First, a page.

Being harassed by a debt collector is just about as much fun as falling prey to a pack of hyenas.. A debt collector will hound you and hound you until you give up and pay the debt just so that you can get rid of him. This is just the way that collectors work. Debt collection agencies buy debts for pennies on the dollar and then make their profits by extracting more from you than they paid for your debt. Since these are unsecured debts, there’s nothing a debt collector can do except harass you and possibly sue you.
FDCPA to the rescue
The first thing that collectors don’t want you to know is about the Fair Debt Collection Practices Act that was passed by Congress a few years ago. The reason they don’t want you to know about the Act is because it spells out certain things that debt collectors can and cannot do. Here is a partial list of what they can’t do.
• Call you before 7:00 AM and after 10:00 PM
• Call you repeatedly
• Discuss your debt with other people (unless you give him permission to do so)
• Use obscenity, racial slurs or insults when talking with you
• Contact you at your place of business (again, unless you have given him permission to do so)
• Make false or misleading representations
• Send letters which appear to have come from a court
• Threaten to turn your debt over to an attorney, damage your credit report or repossess some of your assets unless he truly means to do so
• Use false claims to collect information about you such as pretending to do a survey
• And more
What this means
The second thing that collectors don’t want you to know is that if they are violating any of these rules, you have recourse. You can actually stop it. What you will need to do is write the collection agency what’s called a cease-and-desist letter. You can find samples of these letters online at web sites such as the Law Depot.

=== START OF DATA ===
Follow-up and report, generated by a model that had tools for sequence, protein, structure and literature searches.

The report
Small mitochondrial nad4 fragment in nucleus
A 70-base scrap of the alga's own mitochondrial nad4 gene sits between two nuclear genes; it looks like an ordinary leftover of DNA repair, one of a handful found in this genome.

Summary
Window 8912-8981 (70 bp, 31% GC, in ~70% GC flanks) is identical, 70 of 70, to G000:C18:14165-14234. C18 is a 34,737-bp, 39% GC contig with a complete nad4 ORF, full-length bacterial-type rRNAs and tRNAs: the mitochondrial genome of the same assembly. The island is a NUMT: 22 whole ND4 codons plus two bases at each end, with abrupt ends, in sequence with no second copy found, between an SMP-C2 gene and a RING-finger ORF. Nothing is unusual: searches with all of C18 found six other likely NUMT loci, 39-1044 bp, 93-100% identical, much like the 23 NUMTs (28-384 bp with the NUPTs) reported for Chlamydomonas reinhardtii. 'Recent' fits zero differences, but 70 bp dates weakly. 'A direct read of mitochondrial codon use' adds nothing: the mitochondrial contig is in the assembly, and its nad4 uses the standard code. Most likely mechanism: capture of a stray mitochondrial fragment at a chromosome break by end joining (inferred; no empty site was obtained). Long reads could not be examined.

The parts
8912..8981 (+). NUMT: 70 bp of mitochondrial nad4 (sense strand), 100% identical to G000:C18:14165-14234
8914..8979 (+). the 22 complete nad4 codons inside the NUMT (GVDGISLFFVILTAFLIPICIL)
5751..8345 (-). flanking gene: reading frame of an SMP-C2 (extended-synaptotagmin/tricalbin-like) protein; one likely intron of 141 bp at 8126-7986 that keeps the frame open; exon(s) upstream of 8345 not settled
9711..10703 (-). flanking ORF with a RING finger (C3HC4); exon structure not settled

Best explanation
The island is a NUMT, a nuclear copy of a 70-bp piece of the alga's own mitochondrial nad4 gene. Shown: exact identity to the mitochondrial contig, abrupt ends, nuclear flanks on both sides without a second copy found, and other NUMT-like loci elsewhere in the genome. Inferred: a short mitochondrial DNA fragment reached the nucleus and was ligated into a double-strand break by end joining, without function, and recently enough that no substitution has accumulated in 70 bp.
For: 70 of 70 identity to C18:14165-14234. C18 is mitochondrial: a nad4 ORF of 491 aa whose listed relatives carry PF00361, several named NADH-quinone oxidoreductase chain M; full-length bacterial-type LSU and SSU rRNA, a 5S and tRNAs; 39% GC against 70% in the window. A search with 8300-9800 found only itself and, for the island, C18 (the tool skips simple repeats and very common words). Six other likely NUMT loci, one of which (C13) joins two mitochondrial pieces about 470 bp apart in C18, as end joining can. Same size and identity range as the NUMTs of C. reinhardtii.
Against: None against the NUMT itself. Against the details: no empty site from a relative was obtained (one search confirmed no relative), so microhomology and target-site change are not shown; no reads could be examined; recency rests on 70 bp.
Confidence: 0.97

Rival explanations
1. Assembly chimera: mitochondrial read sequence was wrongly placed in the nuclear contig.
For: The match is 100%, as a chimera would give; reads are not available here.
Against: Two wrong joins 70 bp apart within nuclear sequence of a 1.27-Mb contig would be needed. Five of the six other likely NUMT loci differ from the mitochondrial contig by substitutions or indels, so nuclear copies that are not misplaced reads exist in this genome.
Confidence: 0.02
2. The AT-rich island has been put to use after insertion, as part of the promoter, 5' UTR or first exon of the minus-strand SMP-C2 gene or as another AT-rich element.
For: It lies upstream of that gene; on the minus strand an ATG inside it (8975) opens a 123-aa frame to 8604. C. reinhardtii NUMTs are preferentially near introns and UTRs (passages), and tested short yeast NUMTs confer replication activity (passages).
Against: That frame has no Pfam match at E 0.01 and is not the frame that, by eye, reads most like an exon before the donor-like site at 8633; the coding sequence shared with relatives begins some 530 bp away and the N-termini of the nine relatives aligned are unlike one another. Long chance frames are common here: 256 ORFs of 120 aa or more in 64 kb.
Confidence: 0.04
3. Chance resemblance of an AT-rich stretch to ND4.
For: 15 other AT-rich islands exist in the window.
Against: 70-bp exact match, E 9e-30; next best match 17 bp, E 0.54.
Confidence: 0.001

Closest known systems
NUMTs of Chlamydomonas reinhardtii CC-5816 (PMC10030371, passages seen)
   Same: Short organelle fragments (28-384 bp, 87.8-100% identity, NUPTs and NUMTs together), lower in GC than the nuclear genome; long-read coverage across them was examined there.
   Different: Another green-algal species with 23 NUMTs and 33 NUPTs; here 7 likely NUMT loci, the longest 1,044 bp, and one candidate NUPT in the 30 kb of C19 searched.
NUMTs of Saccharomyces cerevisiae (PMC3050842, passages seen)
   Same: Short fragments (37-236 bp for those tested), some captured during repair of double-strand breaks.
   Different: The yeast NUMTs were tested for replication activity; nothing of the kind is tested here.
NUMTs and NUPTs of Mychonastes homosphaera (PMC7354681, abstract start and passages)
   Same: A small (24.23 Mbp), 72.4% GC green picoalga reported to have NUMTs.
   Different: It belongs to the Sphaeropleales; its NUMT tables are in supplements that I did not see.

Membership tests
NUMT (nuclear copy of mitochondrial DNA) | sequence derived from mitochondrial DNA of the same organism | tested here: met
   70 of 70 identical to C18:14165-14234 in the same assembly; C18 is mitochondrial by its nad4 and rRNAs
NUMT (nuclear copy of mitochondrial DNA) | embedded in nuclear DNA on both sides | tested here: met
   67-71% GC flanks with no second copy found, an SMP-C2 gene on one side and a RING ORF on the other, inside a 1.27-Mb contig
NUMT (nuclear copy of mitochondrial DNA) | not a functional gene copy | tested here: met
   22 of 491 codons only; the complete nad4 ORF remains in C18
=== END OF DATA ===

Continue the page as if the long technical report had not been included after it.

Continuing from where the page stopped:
You will need to send the letter Registered and Return Receipt Requested so that you will have proof the collection agency received it. Once it does, it is allowed by law to contact you only once more. For example, it could contact you to tell you that it will no longer be contacting you. Or it could contact you to tell you that it’s taking some specific action such as suing you.
The third thing that collectors don’t want you to know
Another thing that debt collectors don’t want you to know was mentioned previously. It’s that they buy your debts for much less than you owe – probably for pennies on the dollar. For example, they might buy a $1000 debt for $50 or even less. This provides plenty of opportunity for you to negotiate with a debt collector. If you want to settle the debt, you might be able to do so for 30% or even less of what you owe.
You could also stipulate that once you pay the settlement, the collection agency will send a letter to the three credit reporting bureaus that the debt has been paid in full and all obligations have been met. And don’t take the collector’s word for this. If you are able to successfully negotiate this, be sure to get everything in writing.
When to strike
A fourth thing that collectors don’t want you to know is that most of them are paid on commission. This means that they literally don’t earn anything unless they can collect on your debt. They also usually have a monthly goal they must meet. For his reason, the collector may be a lot more willing to negotiate towards the end of the month.
They don’t want you to know they must verify it in writing
Again thanks to the Fair Debt Collection Practices Act, the first time you receive a call from a debt collector, you need to ask that everything be put in writing. Here’s a short video that explains this process and why it’s important.
Debt collection agencies cannot get a lien on your house
Despite what a debt collector may threaten, he or she cannot get a lien on your house without taking you to court and getting a judgment. Some collection agencies will file suit and if they do so, make sure you show up in court for your hearing. The reason for this is that if you don’t, the agency can get what’s called a summary judgment and then put a lien on your house or some other property.